Several years ago, I went back to Chicago to see some old friends: artifacts, really—ancient sandals to be precise.
The sandals were at the Field Museum of Natural History in Chicago, Illinois, where I worked in the early 2000s. They had been found in Tularosa Cave, New Mexico, in 1950, and their construction from reed matting made clear they were from early Indigenous people of that region, a group that archaeologists call the Mogollon (pronounced MOH’-gee-yoan). But I wanted to know exactly how old they were, so I was returning to collect samples for radiocarbon dating.
Back in the museum’s Room 38, a cavernous space that once hosted my office, I took each of a dozen sandal fragments out of their protective, archive-quality packages. I carefully turned them around in my gloved hands, searching for a discrete place from which to cut a small, 15-milligram-size piece (smaller than your pinky fingernail). I packed each sample into a small packet, filled out some paperwork, and sent them off to a laboratory for processing. Several days later—voila! I got the results. The oldest sandal dated to 1,710 ± 40 radiocarbon years before present.
Radiocarbon dating is an astonishing thing. On the surface, it seems so simple: submit samples and get dates! But there is a long and fascinating history behind this seemingly magical technology, and the answers it spits out are not always as clear-cut as they seem.
The technique holds a special place in my heart. Maybe it’s because, as an archaeologist interested in determining the age of things, radiocarbon dating is astonishingly useful. Perhaps it’s because I grew up on the University of Chicago campus, which played a vital role in the origins of radiocarbon research. Or maybe it’s because the history and application of radiocarbon dating has everything that fascinates me about the history of science: award-winning scientists, unexpected glitches, and startling revelations.
The story begins on December 8, 1941, a day after the Japanese bombed Pearl Harbor. In response to that horrific event, physical chemist Willard Libby of the University of California, Berkeley, decided to join the war effort by offering his services to physical chemist Harold Urey of Columbia University, whose lab was studying different radioactive atoms, including uranium. (Urey won the Nobel Prize in chemistry in 1934 for his discovery of deuterium, a heavy version of hydrogen.) Urey would soon be heading part of the research for the Manhattan Project, the massive effort to develop an atomic bomb before the Germans or Japanese did. Urey accepted Libby’s offer, and Libby moved to New York.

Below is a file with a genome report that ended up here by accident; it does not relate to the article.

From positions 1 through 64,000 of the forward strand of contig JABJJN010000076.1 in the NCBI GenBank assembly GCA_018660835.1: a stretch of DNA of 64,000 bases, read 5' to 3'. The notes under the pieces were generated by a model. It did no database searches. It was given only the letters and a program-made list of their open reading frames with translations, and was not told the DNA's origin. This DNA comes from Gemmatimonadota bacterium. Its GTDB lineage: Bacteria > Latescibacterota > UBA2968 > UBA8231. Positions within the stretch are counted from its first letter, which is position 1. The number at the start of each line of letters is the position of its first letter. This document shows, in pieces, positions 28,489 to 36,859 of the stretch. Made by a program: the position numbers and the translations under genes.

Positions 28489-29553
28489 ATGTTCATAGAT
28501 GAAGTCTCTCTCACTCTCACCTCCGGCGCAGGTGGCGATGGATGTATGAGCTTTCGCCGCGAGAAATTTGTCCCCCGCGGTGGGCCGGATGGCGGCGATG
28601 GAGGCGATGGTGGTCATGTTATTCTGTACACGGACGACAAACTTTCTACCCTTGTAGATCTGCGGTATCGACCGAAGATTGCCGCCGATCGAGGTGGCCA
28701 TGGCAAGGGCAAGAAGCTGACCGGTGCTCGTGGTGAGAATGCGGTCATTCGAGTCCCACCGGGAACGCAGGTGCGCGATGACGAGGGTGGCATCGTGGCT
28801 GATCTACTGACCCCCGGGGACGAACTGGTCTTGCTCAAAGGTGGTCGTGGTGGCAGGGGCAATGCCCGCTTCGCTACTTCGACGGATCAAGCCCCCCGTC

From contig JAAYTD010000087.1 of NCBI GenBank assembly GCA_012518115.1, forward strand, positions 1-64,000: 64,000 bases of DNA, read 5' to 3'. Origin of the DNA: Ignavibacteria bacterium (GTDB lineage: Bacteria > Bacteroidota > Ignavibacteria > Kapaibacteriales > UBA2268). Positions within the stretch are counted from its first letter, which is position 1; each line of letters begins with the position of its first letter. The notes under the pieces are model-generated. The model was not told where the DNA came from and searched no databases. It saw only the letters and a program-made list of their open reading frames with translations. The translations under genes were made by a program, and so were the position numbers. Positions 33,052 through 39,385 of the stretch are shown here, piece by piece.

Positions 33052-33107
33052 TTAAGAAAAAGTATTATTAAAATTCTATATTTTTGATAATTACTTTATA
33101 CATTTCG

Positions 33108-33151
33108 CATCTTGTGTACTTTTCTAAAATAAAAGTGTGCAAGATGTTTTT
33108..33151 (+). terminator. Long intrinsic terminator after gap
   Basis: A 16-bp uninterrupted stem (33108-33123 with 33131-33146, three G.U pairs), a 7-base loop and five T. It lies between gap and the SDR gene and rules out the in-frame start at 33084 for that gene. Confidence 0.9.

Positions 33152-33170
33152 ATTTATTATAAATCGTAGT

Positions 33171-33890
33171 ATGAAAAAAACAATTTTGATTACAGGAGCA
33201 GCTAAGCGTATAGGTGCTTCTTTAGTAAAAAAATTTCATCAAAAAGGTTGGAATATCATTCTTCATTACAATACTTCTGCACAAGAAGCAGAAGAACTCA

In the meantime, something remarkable happened on the south side of Chicago, just a few short miles south of the Field Museum. On December 2, 1942, in a squash court (you read right!) underneath the athletic stands at the University of Chicago’s Stagg Field, physicist Enrico Fermi oversaw the first controlled and
Everything with carbon in it—from your lunch to yourself—has a little radioactive carbon in it.sustained nuclear chain reaction in the blandly named Chicago Pile-1, a huge block of material consisting of about 770,000 pounds of graphite, more than 80,000 pounds of uranium oxide, and more than 12,000 pounds of uranium. In plain English, Chicago Pile-1 was a nuclear reactor. That experiment paved the way for America’s entry into the nuclear age.
At the end of the war, Libby left Columbia to join Fermi’s lab in Chicago. There he really began to focus on carbon and its remarkable properties. In 1946, Libby published a short letter to the editor of Physical Review in which he pointed out that, based on his research and that of others, there should be a difference between the amount of radioactive carbon in dead and fossilized organisms when compared to modern, living organisms. That insight marked the birth of radiocarbon dating.